Never one to dissapoint, I've pulled this old column out while I work on my post about clubbing baby seals.
It ran as a two part column, but I've put it together here so you can read it in it's entirety - in other words, brace yourselves and go pee now, you might be here a while:
It was a national conference on health and family literacy. I was seated at a table with five other professionals: three from the public health field, and two others – like me – from the literacy field. Our assignment was to discuss some of the stresses, good or bad in origin, which could occur throughout a family’s life. We were discussing childbirth. One of the women brought up Postpartum Depression in mothers.
“It’s also an issue for fathers,” I said. Murmurs of agreement followed. Of course, fathers have to learn to deal with the mother’s depression. “No,” I clarified, “Dads get Postpartum too.”
Looks of amazement and laughter followed this statement. One of the nurses replied: “Well, my five year old was pretty upset when the baby came along too. He was no longer the center of attention. But I wouldn’t call it depression.” More laughter and nods of agreement followed this belittling remark.
I was amazed to find health professionals talking in such a dismissive way about a serious medical issue. Fathers do get Postpartum Depression. About 10% of new fathers, actually, according to a study published in the journal Pediatrics. New mothers were found to be afflicted at a slightly higher rate of 14%.
But had anyone at that table two years ago (around the time that study was published) heard of it? No. And if they had, I doubt they would have taken notice.
You see, we were a table full of women.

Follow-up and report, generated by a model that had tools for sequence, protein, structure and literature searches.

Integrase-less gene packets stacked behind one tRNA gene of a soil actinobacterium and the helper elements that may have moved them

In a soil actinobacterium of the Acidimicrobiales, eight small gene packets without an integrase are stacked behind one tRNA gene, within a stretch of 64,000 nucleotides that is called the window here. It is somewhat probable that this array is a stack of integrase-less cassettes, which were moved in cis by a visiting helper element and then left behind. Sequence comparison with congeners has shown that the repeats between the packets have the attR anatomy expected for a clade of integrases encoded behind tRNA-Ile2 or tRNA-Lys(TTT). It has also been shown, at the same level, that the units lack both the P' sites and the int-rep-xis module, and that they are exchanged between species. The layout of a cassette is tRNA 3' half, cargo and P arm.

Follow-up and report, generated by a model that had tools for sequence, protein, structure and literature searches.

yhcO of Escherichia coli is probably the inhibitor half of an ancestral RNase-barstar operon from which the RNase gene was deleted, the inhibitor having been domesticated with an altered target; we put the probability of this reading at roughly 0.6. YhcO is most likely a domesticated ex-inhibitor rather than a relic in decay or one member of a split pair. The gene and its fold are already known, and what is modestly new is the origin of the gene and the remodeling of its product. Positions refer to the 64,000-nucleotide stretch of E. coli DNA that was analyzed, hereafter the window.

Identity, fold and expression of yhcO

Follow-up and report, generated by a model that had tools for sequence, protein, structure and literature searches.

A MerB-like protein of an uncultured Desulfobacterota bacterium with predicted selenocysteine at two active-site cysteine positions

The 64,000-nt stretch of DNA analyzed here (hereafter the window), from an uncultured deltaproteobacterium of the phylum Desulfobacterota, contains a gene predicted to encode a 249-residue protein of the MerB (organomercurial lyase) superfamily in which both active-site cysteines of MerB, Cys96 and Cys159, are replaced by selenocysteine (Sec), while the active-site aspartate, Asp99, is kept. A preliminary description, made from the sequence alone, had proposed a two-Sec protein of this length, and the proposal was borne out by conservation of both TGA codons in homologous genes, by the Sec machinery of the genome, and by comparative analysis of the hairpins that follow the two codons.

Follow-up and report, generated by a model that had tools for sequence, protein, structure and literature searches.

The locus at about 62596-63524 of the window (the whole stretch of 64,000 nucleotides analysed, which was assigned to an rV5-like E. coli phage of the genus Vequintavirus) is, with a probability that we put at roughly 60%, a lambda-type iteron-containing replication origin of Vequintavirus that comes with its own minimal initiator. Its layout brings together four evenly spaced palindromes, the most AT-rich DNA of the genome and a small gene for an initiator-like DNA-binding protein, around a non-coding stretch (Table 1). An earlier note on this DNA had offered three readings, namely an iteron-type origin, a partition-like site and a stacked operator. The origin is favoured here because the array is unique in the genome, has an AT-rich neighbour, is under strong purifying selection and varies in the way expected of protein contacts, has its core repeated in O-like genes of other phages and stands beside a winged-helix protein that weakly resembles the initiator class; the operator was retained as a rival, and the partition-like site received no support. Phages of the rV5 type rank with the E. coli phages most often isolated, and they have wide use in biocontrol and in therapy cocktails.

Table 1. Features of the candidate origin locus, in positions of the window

There’s something that happens when women – especially moms – get together. It’s something we’re not proud of and hate to admit. It’s something that has the potential to tear down men, tear families apart, and destroy good relationships.
We complain about and criticise the men in our lives - the fathers of our children in particular.
It happens when we gather at groups for new moms. It happens in groups of two and three at school functions. It happens during gossipy phone calls with friends. It happens far too often.
When our first child was born, I attended a breastfeeding support group weekly. It happened there. And I’m sad to say I participated:
“He comes home and accuses me of spending all day on the couch! I’m breastfeeding! Does he think I want to be stuck on the couch all day? Does he notice all the work I did in between feedings? And even if I did spend all day on the couch, I deserve it. It’s not like he ever gets up with baby at night!”
Can I blame my poor judgment on sleep deprivation? I’ve tried very hard since those first few months as a new mother to avoid publically criticising my spouse. But it’s difficult. It’s just such a latent practice when women get together.
Why do we do it? I imagine because it seems the acceptable thing to do.
After all, watch any commercial or TV show and it’s obvious that any married man, a dad in particular, is a doofus. Women run families. Women work their fingers to the bone. Women look fit and put together. Dads are lazy, forgetful, inconsiderate, slobs. They can’t follow simple instructions and are utterly incapable of taking care of the children – or even the laundry – without explicit instruction and guidance from their wives.
The only fathers in the media who do a halfway decent job at parenting are those forced to do so because their wife is dead or gone.
For decades, discussion has been about the stresses on mothers. Working mothers are expected to work outside the home, run a good home, devote themselves to the children and show up at school functions. Stay at home mothers are expected to enrich their children’s lives daily, cook delicious, healthy meals, keep a tidy home, and neglect their own appearance and needs for those of the children.
We’ve all heard about Super Mom Syndrome.
But what about Super Dad? Why is the stress on fathers completely ignored? Are they not facing a lot of the same issues?
And is their stress made worse by the fact that we, as a society, refuse to acknowledge it?
Not that long ago families were made up of a mother and father in their traditional roles. Fathers worked all day and were expected to be the disciplinarians in the home, spending some time in the evenings and on weekends with their children. Mothers worked too, but in the home, childrearing and “keeping the house.” Single parent and mixed families were uncommon.
Television shows like ‘Leave it to Beaver’ lead us to believe that this was the norm and something that made home-life run smoother. But many women and men who lived during that time will tell you that it wasn’t necessarily like that.